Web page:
2018-07-20 / Front Page

Mary DeRose:

From Lyme disease to accomplished author
By Duke Harrington
Staff Writer

Mary DeRose, a member the South Portland Planning Board, at the air disaster memorial in Redbank with some of her published work. (Duke Harrington photo)Mary DeRose, a member the South Portland Planning Board, at the air disaster memorial in Redbank with some of her published work. (Duke Harrington photo)SOUTH PORTLAND – There’s more to municipal officials than planning sessions and meeting minutes –they are real people with hopes, dreams and personal hobbies that can escape notice.

One of those officials is South Portland Planning Board member Mary DeRose.

A retired museum curator, DeRose, 67, is the author of several books – writing under her maiden name M. M. Drymon – including a doctoral theses on the development history of the city’s often overlooked west end. She also has written about the history of Lyme disease in New England going back to colonial times, advancing the theory that the Salam Witch Trials have their genesis in the disease.

That her books might track such a wide array of topics might seen odd, but DeRose has a deep and abiding love of history. Plus, her interest in Lyme can be accounted for by the fact that she is herself has had the tick-borne disease.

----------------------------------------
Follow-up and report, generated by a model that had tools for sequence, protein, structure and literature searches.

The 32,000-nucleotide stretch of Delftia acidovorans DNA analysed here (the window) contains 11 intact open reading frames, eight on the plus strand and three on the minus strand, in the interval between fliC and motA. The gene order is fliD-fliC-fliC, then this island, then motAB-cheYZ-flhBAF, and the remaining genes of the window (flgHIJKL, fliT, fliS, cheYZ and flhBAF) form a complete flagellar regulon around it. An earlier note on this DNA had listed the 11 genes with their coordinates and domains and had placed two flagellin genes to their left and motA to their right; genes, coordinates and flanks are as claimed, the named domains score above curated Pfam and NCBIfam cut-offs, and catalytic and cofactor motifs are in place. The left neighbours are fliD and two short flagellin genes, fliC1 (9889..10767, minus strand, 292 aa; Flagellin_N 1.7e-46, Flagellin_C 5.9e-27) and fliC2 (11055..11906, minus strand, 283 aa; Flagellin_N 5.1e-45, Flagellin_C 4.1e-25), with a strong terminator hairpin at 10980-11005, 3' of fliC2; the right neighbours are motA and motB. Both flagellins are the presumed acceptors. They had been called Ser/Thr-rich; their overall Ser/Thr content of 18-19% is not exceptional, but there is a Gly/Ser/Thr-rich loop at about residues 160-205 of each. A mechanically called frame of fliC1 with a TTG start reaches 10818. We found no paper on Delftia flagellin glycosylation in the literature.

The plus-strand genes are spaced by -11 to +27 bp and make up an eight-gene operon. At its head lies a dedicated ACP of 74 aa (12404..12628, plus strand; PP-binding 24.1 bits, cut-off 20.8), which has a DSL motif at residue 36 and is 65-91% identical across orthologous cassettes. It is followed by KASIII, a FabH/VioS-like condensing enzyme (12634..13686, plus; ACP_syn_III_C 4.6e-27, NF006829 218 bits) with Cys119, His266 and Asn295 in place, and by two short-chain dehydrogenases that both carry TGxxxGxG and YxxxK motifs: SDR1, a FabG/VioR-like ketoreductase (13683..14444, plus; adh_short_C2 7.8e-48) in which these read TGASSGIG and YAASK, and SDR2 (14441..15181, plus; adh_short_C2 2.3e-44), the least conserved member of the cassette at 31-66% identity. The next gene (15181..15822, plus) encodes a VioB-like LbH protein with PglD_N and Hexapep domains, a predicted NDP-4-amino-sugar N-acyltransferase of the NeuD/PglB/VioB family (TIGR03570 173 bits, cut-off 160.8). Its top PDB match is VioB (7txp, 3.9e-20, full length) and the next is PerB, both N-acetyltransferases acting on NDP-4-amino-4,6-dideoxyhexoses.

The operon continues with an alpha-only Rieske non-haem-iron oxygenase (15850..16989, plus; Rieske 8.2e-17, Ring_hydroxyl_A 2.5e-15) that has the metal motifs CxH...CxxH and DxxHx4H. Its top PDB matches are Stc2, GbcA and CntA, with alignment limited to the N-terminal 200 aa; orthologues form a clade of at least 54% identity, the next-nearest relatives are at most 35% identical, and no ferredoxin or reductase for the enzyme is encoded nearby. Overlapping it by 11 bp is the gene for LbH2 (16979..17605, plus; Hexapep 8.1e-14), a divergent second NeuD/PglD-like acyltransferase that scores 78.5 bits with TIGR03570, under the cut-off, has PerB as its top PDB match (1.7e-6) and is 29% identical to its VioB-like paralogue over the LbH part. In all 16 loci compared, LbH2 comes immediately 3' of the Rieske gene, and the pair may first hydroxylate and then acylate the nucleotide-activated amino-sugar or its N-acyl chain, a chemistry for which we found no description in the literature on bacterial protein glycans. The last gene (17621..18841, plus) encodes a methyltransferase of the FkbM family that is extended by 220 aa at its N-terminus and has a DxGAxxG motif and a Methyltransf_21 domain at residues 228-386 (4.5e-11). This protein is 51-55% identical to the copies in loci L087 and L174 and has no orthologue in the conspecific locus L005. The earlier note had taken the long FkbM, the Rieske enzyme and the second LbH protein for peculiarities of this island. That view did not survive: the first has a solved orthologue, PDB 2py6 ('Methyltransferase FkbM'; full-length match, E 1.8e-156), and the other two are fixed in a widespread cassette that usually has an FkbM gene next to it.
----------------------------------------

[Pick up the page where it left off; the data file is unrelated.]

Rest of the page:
Q: You are semi-retired now apart from your writing. What did you do as a career?

A: I was the curator of Waterloo Village historic site in Stanhope, New Jersey, and I was historic program director of the Morris County Park Commission, which ran many historic sites.

Q: How did you come to relocate in Maine?

A: My husband Nicholas applied to USM. They have a wonderful program in geography. So, we came up here about 18 years ago for him to finish his degree.

Q: And why did you stay?

A: We were raising our kids and we kind of fell in love with Maine. It was a great place to be.

Q: What led to your 2008 book, “Disguised As the Devil” and later “The Persistent Spiral,” about the history of Lyme disease?

A: When I worked at Waterloo Village, which is an historic farm, I was bitten by a tick. I had not idea what Lyme disease was at the time. I’d never heard of it. I got treatment but I was bitten God knows how many times before one of the ticks was noticed and tested. I ended up flat on my back. I was in a lot of pain and experienced tremendous fatigue. And here I was trying to raise my kids. I had to stop working for a couple of years there. This was right before we moved up here.

Q: How did you get better?